Abbott Clay & Reed

Posts Tagged ‘seaman injury’

What Types of Monetary Compensation Would My Family and I Be Able to Request if I was Injured While Performing My Duties at Sea?

In Jones Act Law, LHWCA, Maritime on July 17, 2009 at 7:44 PM

The Longshoremen’s and Harbors’ Workers Compensation Act (LHWCA) provides adequate compensation for seaman who are injured in their line of work.  This coverage provides payments for medical treatment, travel costs related to medical treatment, and services or supplies which are needed to help the recovery or treatment process.  There is, of course, a lot of legality that comes into play and seeking the help of a professional maritime lawyer will always be a good first step to take.

The definition of disability in a longshoreman clause simply means the inability to perform work and receive pre-injury wages.  This covers any form of disability which will entitle you to receive a weekly compensation every two weeks and will be based from a percentage of your biweekly income before you were injured.  In 2006, it was estimated that the minimum compensation was $278.61 while the maximum was $1114.44.

The compensation for complete or short term disability is calculated at 2/3s the workers weekly average income.  This average is determined by combining the previous 52 weeks of income.  This, of course, could mean that your average might be considerably less if you suffered any periods of unemployment.

Temporary partial disability is compensated at 2/3s the weekly income loss and is based on the loss of earning potential.  Permanent partial disability compensation is intended to cover the injured employee for the loss of a body part or function.  This form of compensation is based on the payout schedule that is specified in the Longshoreman Act.  Basically this schedule appoints a specified timeline as to how long the injured employee may receive compensation.

The LHWCA has worked to get people the coverage they need when working at sea.  There are still a lot of uncovered issues surrounding these matters and you will need to speak with a maritime law professional to get the most compensation for your injury.


Can I Represent Myself Under the Jones Act?

In Jones Act Law, Legal Representation on May 20, 2009 at 12:28 PM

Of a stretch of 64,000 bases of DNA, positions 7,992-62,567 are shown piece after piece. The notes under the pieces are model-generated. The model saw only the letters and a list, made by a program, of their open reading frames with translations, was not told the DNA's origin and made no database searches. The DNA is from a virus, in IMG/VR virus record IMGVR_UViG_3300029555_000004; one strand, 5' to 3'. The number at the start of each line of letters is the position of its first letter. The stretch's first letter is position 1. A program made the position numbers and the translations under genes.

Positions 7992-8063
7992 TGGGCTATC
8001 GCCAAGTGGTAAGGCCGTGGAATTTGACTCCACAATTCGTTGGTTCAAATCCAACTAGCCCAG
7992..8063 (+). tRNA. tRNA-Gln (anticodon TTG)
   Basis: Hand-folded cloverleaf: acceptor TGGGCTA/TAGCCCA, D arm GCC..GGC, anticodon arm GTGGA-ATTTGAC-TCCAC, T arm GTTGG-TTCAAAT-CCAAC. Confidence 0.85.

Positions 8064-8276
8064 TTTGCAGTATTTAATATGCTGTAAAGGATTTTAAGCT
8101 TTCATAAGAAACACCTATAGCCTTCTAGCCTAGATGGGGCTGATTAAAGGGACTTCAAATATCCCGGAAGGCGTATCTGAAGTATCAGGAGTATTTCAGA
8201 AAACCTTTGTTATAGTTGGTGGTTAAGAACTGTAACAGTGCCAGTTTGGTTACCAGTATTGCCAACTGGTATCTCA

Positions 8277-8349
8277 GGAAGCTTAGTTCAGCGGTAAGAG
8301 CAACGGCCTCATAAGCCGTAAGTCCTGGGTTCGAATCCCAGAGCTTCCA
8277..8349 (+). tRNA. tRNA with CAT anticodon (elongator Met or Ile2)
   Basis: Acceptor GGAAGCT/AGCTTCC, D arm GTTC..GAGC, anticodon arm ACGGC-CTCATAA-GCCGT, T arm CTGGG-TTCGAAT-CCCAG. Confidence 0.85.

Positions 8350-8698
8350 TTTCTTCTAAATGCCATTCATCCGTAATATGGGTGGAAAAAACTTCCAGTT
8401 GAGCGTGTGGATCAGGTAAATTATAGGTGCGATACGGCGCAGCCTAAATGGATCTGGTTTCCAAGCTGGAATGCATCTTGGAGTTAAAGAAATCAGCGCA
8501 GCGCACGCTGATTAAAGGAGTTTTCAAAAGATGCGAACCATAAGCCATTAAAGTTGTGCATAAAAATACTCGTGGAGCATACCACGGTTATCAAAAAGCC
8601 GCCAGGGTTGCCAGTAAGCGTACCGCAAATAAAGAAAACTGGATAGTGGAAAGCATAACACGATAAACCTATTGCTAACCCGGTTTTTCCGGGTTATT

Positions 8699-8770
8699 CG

If you are hurt during your employment on any water going vessel, your rights are protected under the Jones Act. Most feel that it is most wise to retain the services of an attorney when dealing with a case that falls under the Jones Act; however, some individuals would rather attempt to represent themselves – and that is perfectly fine, as long as you know full well what they are getting themselves into.

You see, the Jones Act entitles maritime workers to a specific set of rights by law; rights that normal Workers’ Comp laws either do not cover at all, or do not cover to a degree that is fit for a maritime worker. With these specific laws, there are also specific procedures and time frames that must be met in order for a claim to be valid. For instance, if there is not enough clear evidence, your case will likely be denied. Therefore, although it is completely possible for an individual to represent themselves under the Jones Act, it usually does not return the results that one might expect.

The number one reason that individuals choose to represent themselves is to attempt to retain the cash amount that the attorney would have received, which is usually between 10 – 20% of the settlement amount. What some individuals do not realize is that, without an attorney, the amount of the settlement will likely be much less. This is because an attorney who has represented individuals in such cases before will know exactly what expenses or monetary compensation you should be entitled to receive. Many individuals that choose to represent themselves do not realize the many different things that can be included in such a suit and, if they do, it’s likely that they do not know how much they can actually ask to be compensated for.

So, if you are a maritime worker who has been injured while performing your maritime tasks and you are thinking about representing yourself, take the time to review the law and make sure that you fully understand it before you attempt to take on such a feat without the help of an attorney.

Rescued American Ship Captain Arrives in Kenya

In Hijacking, Hostage, Jones Act Law, Pirates on April 16, 2009 at 9:57 AM

The Voice of America reports on Richard Phillip arriving in Kenya after being rescued by the U.S. Navy. Three Navy sharpshooters shot three of his captures just before his rescue.

As the Pirate attacks escalate in the region the Jones Act and it’s applicable laws we no doubt ably again be reviewed by our Justice System. It is interesting that these laws of the early 20th Century are still as necessary today for acts of Piracy as they certainly must have been during their penning.

We are curious to see if the Jones Act in it’s current form will be able to properly defend the rights of these seamen in international territories working for US based companies. It is our opinion that not only will it hold it’s own but in fact with further strengthen legal ramifications across all aspects of the shipping and maritime industries.